A tourist bus collided with a lorry on a road in southern Egypt and burst into flames, killing at least 10 people including four French and a Belgian, authorities said.
The crash happened on a road about 27 miles south of the city of Aswan, provincial authorities said. The bus was traveling to the Temple of Esna on the west bank of the Nile River, some 34 miles south of the ancient city of Luxor.
Along with the tourists, five Egyptians were killed in the crash.
At least 14 others were injured, including eight from France and six from Belgium, they said.
The cause of the crash was not immediately clear.
Many bodies were charred, and the injured suffered from burns, bruises and fractures, according to a health official who spoke on condition of anonymity because he was not authorized to brief the media.
President Abdel Fattah el-Sissi posted on Twitter that he was closely following the crash and had instructed the government to “provide all medical and treatment care for the victims of the tragic accident”.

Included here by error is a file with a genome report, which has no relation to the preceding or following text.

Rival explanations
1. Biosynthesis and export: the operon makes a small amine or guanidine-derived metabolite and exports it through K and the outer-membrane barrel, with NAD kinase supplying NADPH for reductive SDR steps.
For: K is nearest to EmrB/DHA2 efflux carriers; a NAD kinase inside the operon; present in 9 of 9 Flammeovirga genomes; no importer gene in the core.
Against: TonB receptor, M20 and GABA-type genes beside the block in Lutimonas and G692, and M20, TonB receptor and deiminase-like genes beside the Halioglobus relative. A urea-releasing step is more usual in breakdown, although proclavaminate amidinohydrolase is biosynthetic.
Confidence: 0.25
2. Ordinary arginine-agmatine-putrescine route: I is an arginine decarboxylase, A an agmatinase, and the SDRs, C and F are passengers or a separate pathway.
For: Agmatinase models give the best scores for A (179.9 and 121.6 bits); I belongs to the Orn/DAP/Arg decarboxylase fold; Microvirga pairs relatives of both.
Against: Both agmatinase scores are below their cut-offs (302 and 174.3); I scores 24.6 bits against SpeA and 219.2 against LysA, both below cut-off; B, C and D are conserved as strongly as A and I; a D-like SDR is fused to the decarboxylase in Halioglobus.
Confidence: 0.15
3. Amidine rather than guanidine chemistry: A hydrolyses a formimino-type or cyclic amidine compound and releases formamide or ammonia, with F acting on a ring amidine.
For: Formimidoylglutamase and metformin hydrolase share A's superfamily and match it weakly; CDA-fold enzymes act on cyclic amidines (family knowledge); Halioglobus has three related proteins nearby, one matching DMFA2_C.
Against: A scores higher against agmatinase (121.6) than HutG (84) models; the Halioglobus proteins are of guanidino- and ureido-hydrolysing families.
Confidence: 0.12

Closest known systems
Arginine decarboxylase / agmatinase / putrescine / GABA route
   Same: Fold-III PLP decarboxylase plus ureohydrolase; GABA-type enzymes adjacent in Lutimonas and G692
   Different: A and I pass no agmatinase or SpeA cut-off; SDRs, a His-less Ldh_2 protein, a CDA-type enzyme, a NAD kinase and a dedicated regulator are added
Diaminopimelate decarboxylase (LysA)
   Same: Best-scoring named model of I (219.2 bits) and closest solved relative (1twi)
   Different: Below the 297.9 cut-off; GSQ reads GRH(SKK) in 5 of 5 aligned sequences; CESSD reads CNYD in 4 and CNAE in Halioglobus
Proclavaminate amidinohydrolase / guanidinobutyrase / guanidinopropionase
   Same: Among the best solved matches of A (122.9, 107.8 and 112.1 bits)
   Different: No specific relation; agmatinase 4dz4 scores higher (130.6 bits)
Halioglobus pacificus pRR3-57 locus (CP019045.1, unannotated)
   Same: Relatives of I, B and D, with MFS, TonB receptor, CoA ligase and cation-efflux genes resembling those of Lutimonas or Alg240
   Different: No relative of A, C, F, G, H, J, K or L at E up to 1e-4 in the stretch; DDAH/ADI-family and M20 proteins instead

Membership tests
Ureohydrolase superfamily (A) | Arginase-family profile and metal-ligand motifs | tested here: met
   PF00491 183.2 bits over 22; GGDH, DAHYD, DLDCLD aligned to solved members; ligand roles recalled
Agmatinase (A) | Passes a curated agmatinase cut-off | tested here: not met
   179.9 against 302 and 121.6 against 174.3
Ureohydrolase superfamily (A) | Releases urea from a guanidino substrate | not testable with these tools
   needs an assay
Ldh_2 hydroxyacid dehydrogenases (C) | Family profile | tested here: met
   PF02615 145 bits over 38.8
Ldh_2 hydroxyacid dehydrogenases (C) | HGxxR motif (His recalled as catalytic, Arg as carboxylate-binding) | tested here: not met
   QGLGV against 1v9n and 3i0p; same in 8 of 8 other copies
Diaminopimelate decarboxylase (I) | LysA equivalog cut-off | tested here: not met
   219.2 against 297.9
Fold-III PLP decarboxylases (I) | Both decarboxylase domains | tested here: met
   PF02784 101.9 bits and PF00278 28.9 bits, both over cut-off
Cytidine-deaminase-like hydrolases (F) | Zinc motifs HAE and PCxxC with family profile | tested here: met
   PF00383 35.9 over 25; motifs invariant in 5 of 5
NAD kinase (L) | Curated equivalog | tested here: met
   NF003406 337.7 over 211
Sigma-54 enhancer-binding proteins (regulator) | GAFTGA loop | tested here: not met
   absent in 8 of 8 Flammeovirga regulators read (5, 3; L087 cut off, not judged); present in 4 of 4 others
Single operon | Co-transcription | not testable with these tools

Aswan Provincial Governor Ashraf Attia said the injured were taken to hospitals and were in stable condition.
Wednesday’s accident came five days after a bus crashed on a road near the Red Sea, killing three including two Polish tourists.
Deadly traffic accidents claim thousands of lives every year in Egypt, which has a poor transportation safety record.
The crashes and collisions are mostly caused by speeding, bad roads or poor enforcement of traffic laws.
Egypt’s official statistics agency says there were around 10,000 road accidents in 2019, the most recent year for which statistics are available, leaving over 3,480 dead.
In 2018, there were 8,480 car accidents, causing over 3,080 deaths.